Belington appoints municipal judge

BELINGTON – After the resignation of Belington Municipal Judge Jeffery Hollen due to illness, Belington City Council appointed Jean Clark of Belington to fulfill the vacancy Thursday.

According to Clark, Hollen served as Belington’s judge for 18 years before he resigned due to illness.

Clark said she has been talking to experienced judges and studying past cases from the Belington court system to help prepare herself to take over the position. Immediately after she was appointed, Clark proposed a change for City Council to consider.

“These are some things I just want to get you all to think about,” Clark told council members.

She said based on her research and knowledge of West Virginia state law, Belington’s minimum fines for various citations, court fees and tickets are far lower than the state’s suggested rates.

“The discrepancy there is we are charging way too low according to what the state allows,” Clark said, adding that the fines suggested by the state Legislature range from no lower than $100 to no higher than $500.

Clark said the only exception she found is the fine for the inappropriate or nonexistent restraint of a child, which must range from $10-$20. Otherwise, she said the general state recommendation applies to all other charges, including traffic violations.

She asked Council to consider increasing fines for some of the more frequent charges. Then, after new rates are established, she said council could consider the other and more infrequent charges.

“There’s going to be a thousand of them,” Clark estimated. “We’re not going to try to do them all next month. That’s not going to happen. I’d like to do the ones that I’m seeing more consistently. At least get those under control. Then we can start working on others as they come through the court.”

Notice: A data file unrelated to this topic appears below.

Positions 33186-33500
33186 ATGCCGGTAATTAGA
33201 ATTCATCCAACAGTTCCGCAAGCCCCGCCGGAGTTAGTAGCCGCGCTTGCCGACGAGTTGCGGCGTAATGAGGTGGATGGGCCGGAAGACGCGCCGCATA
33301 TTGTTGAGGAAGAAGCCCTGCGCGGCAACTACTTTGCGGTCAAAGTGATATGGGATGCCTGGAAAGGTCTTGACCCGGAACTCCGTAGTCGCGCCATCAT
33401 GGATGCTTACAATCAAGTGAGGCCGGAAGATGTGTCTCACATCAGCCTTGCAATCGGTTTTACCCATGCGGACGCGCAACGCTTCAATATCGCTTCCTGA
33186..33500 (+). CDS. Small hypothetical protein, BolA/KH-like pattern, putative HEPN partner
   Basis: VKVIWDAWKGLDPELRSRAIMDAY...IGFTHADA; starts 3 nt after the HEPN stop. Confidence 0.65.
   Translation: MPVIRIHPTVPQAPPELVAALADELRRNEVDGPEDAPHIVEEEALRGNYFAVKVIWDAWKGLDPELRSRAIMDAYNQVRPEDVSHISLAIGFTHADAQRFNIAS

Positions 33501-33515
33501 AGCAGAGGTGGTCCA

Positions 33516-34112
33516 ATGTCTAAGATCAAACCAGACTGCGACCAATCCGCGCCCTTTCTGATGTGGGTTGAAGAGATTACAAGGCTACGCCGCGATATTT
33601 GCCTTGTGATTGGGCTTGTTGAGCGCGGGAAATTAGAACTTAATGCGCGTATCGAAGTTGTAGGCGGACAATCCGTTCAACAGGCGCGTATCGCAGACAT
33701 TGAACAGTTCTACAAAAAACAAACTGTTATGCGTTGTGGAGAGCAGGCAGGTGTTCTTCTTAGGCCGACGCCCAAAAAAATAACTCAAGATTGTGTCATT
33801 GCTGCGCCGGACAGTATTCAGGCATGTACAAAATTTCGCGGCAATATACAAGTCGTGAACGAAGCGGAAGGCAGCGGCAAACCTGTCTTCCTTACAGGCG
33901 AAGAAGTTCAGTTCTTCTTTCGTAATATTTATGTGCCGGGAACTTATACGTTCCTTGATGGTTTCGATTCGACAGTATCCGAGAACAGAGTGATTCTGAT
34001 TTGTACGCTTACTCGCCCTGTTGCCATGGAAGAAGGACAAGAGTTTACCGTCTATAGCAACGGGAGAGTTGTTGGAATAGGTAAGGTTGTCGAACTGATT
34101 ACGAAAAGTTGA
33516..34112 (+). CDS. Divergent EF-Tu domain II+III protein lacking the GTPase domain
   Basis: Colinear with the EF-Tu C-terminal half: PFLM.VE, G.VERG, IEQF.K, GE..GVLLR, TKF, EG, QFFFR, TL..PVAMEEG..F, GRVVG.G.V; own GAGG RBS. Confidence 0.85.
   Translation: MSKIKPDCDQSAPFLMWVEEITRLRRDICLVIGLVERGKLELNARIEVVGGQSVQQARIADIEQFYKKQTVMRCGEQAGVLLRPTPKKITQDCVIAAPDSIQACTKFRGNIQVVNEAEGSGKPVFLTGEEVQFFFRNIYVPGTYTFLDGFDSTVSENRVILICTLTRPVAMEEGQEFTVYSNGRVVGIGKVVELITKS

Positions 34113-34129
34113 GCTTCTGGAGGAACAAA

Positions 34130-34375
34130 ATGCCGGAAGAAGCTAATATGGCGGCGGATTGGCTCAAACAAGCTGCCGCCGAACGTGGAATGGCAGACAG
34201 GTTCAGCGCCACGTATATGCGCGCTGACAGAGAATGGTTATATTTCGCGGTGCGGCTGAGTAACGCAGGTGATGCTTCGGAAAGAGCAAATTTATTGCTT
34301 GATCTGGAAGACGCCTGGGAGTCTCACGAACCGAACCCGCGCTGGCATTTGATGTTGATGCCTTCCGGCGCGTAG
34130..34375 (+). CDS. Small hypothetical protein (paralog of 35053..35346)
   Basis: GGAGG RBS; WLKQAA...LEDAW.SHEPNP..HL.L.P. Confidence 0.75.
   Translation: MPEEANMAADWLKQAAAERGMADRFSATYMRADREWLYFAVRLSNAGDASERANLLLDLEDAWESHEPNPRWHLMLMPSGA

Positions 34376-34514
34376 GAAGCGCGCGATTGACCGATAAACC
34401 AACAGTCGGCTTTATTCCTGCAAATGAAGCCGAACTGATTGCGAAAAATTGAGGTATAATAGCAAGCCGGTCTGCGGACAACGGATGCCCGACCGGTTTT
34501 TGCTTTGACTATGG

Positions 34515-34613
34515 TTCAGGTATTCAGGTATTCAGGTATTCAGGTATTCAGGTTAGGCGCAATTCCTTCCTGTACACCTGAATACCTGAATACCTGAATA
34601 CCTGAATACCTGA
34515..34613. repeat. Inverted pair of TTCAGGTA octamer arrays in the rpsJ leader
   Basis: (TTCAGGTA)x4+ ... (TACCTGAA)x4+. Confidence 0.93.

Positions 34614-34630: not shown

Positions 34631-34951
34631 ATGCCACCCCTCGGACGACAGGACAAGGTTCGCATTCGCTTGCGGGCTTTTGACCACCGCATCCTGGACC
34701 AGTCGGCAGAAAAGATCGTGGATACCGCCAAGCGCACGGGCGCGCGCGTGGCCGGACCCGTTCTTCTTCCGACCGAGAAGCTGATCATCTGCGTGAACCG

Clark said that Belington’s court cost charged to each defendant is $20, but the surrounding area’s average court cost is between $100 to $132. She said the city’s fine for not having an operator’s license is $25, but that the state recommends a penalty of no less than $200.

“To me that’s a pretty serious thing for somebody to be out there driving without authorization,” Clark said. “That’s pretty serious. The state recommends no less than $200. These are things I think we really need to look at real closely.”

She also said that the speeding fine in Belington is $35, plus $1 per mile an hour over the speed limit.

“So we are really, really low on court costs,” Clark said. “I’d rather do that (increase the court, fines and citation costs) than to ask the mayor and the Council to increase our municipal fee.”

Clark said the revenue from the court costs and fees could benefit the police department, the court system and the city.

“I’m actually glad to see Jean stepping forward, looking into things (about) how to make some money,” Councilman Richard Cox said. “She’s going, I think, above and beyond.”

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